Research performed at the University of Pennsylvania School of Veterinary Medicine showed that if during cold weather horses have only warm water available, they will drink a greater volume per day than if they have only icy cold water available. But if they have a choice between warm and icy water simultaneously, they drink almost exclusively from the icy and drink less volume than if they have only warm water available. The take home message is this: you can increase your horse’s water consumption by only providing warm water. This can be accomplished either by using any number of bucket or tank heaters or by adding hot water twice daily with feeding. Another method to encourage your horse to drink more in winter (or any time of the year) is to topdress his feed with electrolytes.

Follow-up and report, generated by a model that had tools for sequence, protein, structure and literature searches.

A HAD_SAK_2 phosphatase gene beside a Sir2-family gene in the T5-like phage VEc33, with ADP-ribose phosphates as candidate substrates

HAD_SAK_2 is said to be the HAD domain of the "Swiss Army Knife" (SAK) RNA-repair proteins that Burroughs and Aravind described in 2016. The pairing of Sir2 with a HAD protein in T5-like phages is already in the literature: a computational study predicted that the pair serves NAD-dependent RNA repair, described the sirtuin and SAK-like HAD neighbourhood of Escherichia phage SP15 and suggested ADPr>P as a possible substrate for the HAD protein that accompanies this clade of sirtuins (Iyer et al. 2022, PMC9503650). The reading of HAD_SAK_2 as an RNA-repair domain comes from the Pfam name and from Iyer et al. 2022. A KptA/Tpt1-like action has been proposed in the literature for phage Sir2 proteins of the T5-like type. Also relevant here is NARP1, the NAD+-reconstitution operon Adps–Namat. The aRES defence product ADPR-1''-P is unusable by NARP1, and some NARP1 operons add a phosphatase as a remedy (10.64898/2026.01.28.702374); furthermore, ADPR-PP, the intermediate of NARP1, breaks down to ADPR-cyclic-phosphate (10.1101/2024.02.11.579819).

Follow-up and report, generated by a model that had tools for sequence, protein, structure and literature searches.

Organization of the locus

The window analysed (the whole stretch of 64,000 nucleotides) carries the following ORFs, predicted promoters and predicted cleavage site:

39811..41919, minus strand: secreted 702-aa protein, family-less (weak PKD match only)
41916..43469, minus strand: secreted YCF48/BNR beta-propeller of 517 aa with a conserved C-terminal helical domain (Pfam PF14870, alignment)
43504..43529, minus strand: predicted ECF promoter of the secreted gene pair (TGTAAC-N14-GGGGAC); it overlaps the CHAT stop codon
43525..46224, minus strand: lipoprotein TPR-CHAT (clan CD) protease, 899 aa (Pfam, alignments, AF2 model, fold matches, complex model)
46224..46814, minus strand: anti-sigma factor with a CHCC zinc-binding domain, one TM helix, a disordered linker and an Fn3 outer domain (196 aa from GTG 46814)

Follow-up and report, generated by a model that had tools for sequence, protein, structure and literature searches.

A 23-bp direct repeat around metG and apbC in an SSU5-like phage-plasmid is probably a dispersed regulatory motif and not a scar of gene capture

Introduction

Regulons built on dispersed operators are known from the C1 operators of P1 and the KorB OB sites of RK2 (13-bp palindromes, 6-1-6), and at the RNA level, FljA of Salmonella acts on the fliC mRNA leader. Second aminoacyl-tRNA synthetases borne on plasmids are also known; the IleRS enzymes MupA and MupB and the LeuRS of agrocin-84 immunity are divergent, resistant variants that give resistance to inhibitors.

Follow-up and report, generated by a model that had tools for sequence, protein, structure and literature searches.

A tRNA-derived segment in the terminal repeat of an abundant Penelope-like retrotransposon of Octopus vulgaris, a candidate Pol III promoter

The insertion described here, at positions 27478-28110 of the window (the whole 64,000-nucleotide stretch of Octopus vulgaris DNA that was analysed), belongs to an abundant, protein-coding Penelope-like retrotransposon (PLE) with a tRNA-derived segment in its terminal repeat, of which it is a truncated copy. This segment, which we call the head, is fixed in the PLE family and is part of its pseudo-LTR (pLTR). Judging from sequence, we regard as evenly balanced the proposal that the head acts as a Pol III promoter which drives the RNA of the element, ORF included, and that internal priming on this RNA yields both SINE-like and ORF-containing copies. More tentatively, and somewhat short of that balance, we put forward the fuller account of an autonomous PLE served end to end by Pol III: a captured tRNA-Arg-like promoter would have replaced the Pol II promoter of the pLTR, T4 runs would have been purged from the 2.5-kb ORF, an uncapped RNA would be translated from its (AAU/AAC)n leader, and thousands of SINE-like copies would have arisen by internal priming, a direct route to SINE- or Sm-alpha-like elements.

Exercise

It may be tempting to give your horse some “down-time” during winter, but studies have found that muscular strength, cardiovascular fitness and overall flexibility significantly decrease even if daily turnout is provided. And as horses grow older, it takes longer and becomes more difficult each spring to return them to their previous level of work. Unfortunately, exercising your horse when it’s cold and slippery or frozen can be challenging.

First, work with your farrier to determine if your horse has the best traction with no shoes, regular shoes, shoes with borium added, shoes with “snowball” pads, or some other arrangement. Do your best to lunge, ride or drive in outside areas that are not slippery. Indoor arenas can become quite dusty in winter so ask if a binding agent can be added to hold water and try to water (and drag) as frequently as the temperature will permit. Warm up and cool down with care. A good rule of thumb is to spend twice as much time at these aspects of the workout than you do when the weather is warm. And make sure your horse is cool and dry before turning him back outside or blanketing.

Blanketing